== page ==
Shadow Ops: Red Mercury

Shadow Ops: Red Mercury

Written by Charlie Sinhaseni on 10/8/2004 for PC  
More On: Shadow Ops: Red Mercury
After the gaming industry polluted the market with endless World War II shooter after endless World War II shooter, developers started to look for new source material. Some have chosen to make Vietnam the new WWII while others, such as Pandemic decided to head to the Middle East for Full Spectrum Warrior. Atari and Zombie tackle similar material with their original first person shooter Shadow Ops and in the end, come away with a decent shooter that’s marred by a number of horrible design decisions.

Shadow Ops decides to take a Pulp Fiction approach to the story telling by putting the end of the story first and then thrusting players back in time. Red Mercury is a remote nuclear device that can be carried and armed in a suitcase. At the onset of the game you’re tasked with retrieving the device and stopping the madman from obliterating the continent. You come close but he narrowly escapes. As he does he detonates it in the middle of the ocean, the impact so large that it causes a ripple in the ocean large enough to capsize an aircraft carrier. With this great setup the game tells you that the threat is real without wasting too much time on exculpatory elements such as foreshadowing and predilections. Soon after the detonation you’re sent back in time as you play the game leading up to the events in the Middle East. You’ll travel to a wide variety of locales including jungles where you’ll do battle with the rebels.

I’ve never been a huge fan of storylines in first person shooters so I’ll forgive Shadow Ops for going the “oh my god, the madman has a bomb! Stop him!” route. Besides, the way I see it, storylines in shooters are kind of like storylines in pornos, it’s basically there to give you an excuse to have at it. And have it you will in this action-oriented shooter. As with most flawed shooters, the game starts off a brisk pace and fails to keep it up after the first act. At the start you’re dropped right in the middle of a hot zone where enemy gunfire reins upon you from all sides. You scramble to find cover when your squad mates call out to you to join them. Working as a team you pick off enemies from behind cover, from atop balconies and from across the alley. Eventually you’ll work your way into the town and infiltrate the rebel encampment, destroying a tank and doing combat in a hollowed out building in the process. I’d be lying if I didn’t say it was one of the best levels I had played in a shooter this year. It’s just a shame that the rest of the game can’t live up to the hype caused by the first level.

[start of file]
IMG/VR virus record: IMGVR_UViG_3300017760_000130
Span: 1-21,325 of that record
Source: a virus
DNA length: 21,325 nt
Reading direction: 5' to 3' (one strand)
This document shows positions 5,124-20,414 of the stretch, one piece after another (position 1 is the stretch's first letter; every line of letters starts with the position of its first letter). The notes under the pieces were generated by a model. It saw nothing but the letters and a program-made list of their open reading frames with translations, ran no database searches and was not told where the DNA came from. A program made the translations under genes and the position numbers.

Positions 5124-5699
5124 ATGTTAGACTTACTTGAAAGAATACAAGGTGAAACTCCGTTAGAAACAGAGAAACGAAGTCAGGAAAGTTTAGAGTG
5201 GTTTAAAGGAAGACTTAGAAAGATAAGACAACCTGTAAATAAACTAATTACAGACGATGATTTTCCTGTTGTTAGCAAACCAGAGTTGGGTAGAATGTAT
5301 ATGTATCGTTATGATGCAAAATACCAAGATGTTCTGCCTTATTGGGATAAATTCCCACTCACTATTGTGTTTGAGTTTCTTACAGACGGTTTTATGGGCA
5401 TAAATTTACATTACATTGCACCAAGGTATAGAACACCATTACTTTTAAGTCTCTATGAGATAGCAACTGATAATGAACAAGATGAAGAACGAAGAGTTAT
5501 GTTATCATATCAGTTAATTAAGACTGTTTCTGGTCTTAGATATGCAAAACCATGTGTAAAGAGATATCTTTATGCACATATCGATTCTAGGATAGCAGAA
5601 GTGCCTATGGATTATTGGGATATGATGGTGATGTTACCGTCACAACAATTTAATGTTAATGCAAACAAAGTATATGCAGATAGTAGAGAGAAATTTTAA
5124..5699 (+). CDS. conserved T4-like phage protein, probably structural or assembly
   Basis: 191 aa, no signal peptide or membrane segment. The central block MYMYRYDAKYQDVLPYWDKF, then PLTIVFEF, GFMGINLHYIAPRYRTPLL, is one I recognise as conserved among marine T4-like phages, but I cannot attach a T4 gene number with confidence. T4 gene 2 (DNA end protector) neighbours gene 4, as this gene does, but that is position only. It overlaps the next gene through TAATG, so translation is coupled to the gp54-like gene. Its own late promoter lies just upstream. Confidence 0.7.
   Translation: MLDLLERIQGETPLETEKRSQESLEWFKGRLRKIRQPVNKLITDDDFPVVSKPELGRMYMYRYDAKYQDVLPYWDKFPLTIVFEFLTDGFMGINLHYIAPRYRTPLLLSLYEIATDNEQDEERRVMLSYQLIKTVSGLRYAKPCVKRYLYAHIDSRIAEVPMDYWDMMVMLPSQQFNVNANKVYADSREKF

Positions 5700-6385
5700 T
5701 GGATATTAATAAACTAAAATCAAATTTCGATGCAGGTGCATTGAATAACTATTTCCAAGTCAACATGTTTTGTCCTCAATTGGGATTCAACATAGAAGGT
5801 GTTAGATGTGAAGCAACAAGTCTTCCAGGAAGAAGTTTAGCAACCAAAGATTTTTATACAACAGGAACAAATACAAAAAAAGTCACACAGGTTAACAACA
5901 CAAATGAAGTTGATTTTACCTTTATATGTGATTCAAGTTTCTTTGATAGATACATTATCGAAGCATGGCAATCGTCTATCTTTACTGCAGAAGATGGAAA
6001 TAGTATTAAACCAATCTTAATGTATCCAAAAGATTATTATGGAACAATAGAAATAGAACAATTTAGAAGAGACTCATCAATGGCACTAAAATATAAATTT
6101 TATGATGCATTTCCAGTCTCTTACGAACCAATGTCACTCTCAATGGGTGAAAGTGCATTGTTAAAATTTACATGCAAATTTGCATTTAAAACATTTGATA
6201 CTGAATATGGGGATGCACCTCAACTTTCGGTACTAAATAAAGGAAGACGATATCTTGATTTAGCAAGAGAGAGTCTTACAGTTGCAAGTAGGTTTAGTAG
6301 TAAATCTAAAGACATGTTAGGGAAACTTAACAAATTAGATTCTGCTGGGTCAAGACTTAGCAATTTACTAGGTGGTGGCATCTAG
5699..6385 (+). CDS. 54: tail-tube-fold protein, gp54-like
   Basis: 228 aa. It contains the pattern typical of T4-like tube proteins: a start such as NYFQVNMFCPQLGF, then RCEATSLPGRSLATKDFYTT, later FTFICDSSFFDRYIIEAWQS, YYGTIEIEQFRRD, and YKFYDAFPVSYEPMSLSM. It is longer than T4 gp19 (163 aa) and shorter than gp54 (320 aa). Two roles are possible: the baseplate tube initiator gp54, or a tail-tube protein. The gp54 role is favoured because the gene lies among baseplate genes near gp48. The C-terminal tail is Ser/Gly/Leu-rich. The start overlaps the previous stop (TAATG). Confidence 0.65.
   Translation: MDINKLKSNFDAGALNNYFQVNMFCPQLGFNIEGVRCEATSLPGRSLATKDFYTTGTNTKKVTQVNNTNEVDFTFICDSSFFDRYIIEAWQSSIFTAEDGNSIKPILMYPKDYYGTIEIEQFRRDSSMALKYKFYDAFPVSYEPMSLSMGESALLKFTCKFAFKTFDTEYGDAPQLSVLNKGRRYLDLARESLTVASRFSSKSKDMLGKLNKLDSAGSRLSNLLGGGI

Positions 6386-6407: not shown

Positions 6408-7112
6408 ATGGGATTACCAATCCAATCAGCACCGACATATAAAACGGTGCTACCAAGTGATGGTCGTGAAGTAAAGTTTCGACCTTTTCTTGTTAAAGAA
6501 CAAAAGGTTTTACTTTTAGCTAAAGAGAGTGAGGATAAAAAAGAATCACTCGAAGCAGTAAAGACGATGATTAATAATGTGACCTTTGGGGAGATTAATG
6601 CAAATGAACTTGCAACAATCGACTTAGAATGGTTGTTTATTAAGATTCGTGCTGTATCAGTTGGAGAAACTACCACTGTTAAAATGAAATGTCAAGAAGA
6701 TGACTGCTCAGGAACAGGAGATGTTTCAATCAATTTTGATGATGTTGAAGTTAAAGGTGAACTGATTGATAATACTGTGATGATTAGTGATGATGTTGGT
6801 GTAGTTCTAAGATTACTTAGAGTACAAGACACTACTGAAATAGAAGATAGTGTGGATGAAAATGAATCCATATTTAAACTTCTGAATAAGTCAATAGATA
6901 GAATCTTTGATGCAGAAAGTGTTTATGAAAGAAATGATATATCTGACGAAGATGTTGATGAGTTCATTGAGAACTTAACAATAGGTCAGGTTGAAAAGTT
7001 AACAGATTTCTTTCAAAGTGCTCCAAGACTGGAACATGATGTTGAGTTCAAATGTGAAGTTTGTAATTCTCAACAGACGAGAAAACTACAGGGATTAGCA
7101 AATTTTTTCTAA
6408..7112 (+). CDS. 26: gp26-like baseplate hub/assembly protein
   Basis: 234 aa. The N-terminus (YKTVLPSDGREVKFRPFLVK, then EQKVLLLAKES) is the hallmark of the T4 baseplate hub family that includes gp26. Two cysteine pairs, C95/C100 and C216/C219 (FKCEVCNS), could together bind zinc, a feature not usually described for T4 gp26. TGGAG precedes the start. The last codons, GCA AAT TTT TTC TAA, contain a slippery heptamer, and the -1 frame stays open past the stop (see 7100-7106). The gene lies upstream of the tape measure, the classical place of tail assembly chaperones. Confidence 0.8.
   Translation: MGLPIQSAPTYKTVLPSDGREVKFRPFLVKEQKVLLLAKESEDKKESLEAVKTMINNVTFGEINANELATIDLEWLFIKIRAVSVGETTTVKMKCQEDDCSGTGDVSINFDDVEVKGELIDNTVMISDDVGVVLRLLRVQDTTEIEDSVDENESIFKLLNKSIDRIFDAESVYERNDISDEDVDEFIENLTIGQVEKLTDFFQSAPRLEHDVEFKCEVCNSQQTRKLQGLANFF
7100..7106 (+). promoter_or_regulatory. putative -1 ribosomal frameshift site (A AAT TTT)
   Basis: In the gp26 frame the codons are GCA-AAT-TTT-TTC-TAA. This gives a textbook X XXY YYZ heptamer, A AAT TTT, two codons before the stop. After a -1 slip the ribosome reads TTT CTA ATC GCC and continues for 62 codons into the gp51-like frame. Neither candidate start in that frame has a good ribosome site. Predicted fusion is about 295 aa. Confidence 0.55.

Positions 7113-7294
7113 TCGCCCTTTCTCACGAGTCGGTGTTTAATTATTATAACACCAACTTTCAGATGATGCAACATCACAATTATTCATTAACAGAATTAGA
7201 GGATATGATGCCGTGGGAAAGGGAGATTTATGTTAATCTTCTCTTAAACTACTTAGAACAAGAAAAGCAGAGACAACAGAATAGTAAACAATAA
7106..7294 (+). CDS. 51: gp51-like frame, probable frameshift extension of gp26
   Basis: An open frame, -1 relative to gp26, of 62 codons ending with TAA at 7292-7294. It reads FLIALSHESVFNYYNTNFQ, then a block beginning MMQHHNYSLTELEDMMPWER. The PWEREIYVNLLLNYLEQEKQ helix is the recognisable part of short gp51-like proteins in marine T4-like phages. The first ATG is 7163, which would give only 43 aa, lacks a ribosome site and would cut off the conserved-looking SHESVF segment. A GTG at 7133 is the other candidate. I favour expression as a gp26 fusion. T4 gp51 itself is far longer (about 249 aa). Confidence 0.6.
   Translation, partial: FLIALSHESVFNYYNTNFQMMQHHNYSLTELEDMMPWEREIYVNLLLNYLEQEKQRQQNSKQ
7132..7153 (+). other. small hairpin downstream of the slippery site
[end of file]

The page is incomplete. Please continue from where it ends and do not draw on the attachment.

To me it seems like the designers tried to do too much with too little. They had it right at the start; throw the player into a hotbed of action and let them pile up the bodies. In later levels though they try to throw some monkey wrenches into the machine by forcing players to use mechanisms that don’t quite work the way they should. Players can peak around corners but to do so, they need to activate the zoom which significantly limits the field of view. You can snipe but the accuracy is weary at best. This is particularly annoying in the sniper scenarios where you’re forced to rely on a shaky targeting system. For a first person shooter the arsenal is pretty weak as well. Although the game provides you with other weapons most of the combat takes place in close quarters; meaning that the assault rifle will often be your primary weapon. It baffles me why the game decides to give you a sniper rifle so often when you’re fighting in the streets and in the buildings. To make matters worse the game never provides you with enough ammunition for the assault rifle, forcing you to rely on the pistol for combat.That’s just the small stuff; my biggest gripe with Shadow Ops is that it bills itself as a realism-based first person along the lines of Ghost Recon but actually plays more like a run-and-gun shooter like Serious Sam. Players can take an excessive number of hits before they begin to keel over. Actually that seems to be the name of the game here; enemies consistently get the drop on you and ring off a few shots before you even know that they’re there. Luckily you take minimal damage from even the biggest of ambushes. In one sequence I took about 5 shots and the splash damage from an RPG. My health? A sparkling 76, not exactly what I would call realistic. The game even lacks the most basic fundamental core of realistic first person shooters; a fluctuating targeting reticule. It’s reasonable to assume that your character is an excellent marksman due to his high level of training, but the imagination can only go so far. To assume that he has perfect aim while jumping off the side of a building or sprinting in the middle of a gunfight is just absurd. In short the game seems dated, almost as if the designers were locked in a time chamber since the late 90s. Then there’s the fact that there’s no in-game save, a feature that seems to be a carryover from the console game, Not only can you not save in the midst of a mission, but there are no checkpoints as well. If you fall pretty to an ambush or haphazardly wander off a cliff, you can kiss that progress goodbye because you’ll have to start all over again. Frustrating doesn’t begin to describe how annoying this becomes.